Role models of greatness.

Here you will discover the back stories of kings, titans of industry, stellar athletes, giants of the entertainment field, scientists, politicians, artists and heroes – all of them gay or bisexual men. If their lives can serve as role models to young men who have been bullied or taught to think less of themselves for their sexual orientation, all the better. The sexual orientation of those featured here did not stand in the way of their achievements.

Monday, November 14, 2011

Alan Cumming

Actor Alan Cumming, who plays Eli Gold on CBS’ acclaimed series The Good Wife, recently signed a deal to continue as a regular cast member. The Good Wife, now in its third season, was partly inspired by the Eliot Spitzer prostitution scandal and other prominent American political sex scandals, particularly those of John Edwards and Bill Clinton.

Cumming joined The Good Wife as a recurring character in the first season and was upped to a regular for the second season. Cumming’s character of cutthroat political operative Eli Gold, based on former White House Chief of Staff Rahm Emanuel, was an immediate standout when he was introduced in the first season. He earned a guest-starring Emmy nomination last year.

Cumming is a Scottish-born stage, television and film actor, singer, writer, director, producer and author. He attained dual U.S. citizenship in 2008 after marrying his partner Grant Shaffer, a graphic designer, in 2007. The couple resides in New York City. Prior to the civil union, Cumming dated both men and women, including a two-year relationship with actress Saffron Burrows, a six-year relationship with male theater director Nick Philippou, and a 1985 marriage to actress Hilary Lyon that lasted eight years.

Once he outed himself as bisexual in 1998, Cumming promoted LGBT rights, emceeing and attending fundraisers for organizations such as the Gay & Lesbian Alliance Against Defamation (GLAAD) and the Human Rights Campaign (HRC), as well as several AIDS charities.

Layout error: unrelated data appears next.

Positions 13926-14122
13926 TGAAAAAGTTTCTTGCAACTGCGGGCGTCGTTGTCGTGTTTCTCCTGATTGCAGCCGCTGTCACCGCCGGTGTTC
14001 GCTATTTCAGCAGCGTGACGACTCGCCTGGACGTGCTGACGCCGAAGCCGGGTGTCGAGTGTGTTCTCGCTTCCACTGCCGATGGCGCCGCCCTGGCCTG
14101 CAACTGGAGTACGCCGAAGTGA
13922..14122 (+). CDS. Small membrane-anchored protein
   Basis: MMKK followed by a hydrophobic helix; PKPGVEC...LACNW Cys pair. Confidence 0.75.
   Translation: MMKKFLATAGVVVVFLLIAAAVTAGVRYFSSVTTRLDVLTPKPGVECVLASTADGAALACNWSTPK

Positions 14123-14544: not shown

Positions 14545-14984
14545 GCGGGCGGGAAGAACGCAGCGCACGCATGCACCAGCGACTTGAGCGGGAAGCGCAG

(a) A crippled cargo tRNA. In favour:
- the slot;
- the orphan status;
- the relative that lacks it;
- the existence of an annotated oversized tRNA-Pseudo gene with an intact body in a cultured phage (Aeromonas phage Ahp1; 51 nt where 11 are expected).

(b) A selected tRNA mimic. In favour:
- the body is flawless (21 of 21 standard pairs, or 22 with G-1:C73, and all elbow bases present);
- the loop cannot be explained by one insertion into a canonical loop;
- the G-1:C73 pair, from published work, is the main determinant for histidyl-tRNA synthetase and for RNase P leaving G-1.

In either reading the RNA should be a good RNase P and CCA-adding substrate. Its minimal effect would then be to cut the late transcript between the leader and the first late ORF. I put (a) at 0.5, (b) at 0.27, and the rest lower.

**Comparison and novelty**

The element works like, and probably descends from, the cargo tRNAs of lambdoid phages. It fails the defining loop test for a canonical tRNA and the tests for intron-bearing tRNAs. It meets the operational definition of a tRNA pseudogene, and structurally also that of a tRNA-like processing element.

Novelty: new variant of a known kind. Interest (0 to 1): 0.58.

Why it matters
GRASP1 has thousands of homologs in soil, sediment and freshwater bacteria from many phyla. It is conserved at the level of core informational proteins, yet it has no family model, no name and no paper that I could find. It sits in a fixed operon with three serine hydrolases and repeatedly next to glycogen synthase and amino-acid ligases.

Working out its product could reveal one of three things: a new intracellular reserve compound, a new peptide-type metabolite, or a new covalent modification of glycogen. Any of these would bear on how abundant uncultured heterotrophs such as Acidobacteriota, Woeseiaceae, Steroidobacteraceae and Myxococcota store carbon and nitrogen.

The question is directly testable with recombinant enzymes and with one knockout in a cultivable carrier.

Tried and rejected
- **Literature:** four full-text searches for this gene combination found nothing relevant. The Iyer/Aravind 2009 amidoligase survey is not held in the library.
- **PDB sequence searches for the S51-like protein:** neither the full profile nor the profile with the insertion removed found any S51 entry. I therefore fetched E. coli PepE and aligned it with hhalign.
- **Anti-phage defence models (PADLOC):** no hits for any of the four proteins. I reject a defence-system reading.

Cumming was appointed an Order of the British Empire (OBE) in the 2009 Queen's Birthday Honours List for services to film, theatre and the arts and activism for LGBT rights. In 2005 he received the Vito Russo Award at the 16th Annual GLAAD Media Awards for outstanding contributions toward eliminating homophobia. In July of the same year he was presented with the HRC's Humanitarian Award in San Francisco, also for his LGBT public stance. In 2006 Cumming received a Doctor of Arts honorary degree from the University of Abertay Dundee (Scotland). He also is a patron of the Scottish Youth Theatre, Scotland's National Theatre “for and by” young people.


Classically trained at the Royal Scottish Academy of Music and Drama, Cumming’s career bounces all over the place. Although he has received accolades for performing Shakespeare on stage, he has accepted roles in real cinematic clinkers (Garfield the Movie, Josie and the Pussycats, and Burlesque from among a long list).

He is a man of strong opinions. When talking about Richard Chamberlain's comment: "I wouldn't advise a gay leading man-type actor to come out", Cumming goes ballistic. “Rupert Everett made the same point in a radio interview, saying he never got a job in Hollywood, and never got a job in England, after coming out. Well, I think it's so mean-spirited," says Cumming. "If you're living a lie, that's not healthy, and I think it is really irresponsible of Chamberlain and Rupert to say these things. But it's not about your work," he says scornfully.

"It's about how you exist as a person in the world, and the idea that your work is more important than you as a person is a horrible message. I always think about a little gay boy in Wisconsin or a little lesbian in Arkansas seeing someone like me, and if I cannot be open in my life, how on earth can they? Anyway, it's an academic question: how can you know that coming out affects your career? Some people just get less work than others, and it has nothing to do with sexuality."

In this clip from a British television talk show, Alan discusses getting an OBE, his husband Grant, voting for Obama and singing for the National AIDS trust. He also sings “That’s Life” and tells about his becoming an American citizen. All in under nine minutes.

1 comment:

  1. I loved watching Alan become a star and his Mother has every right to be proud of his acheivements ,I hope you go on from strength to strength and I will enjoy following you .

    ReplyDelete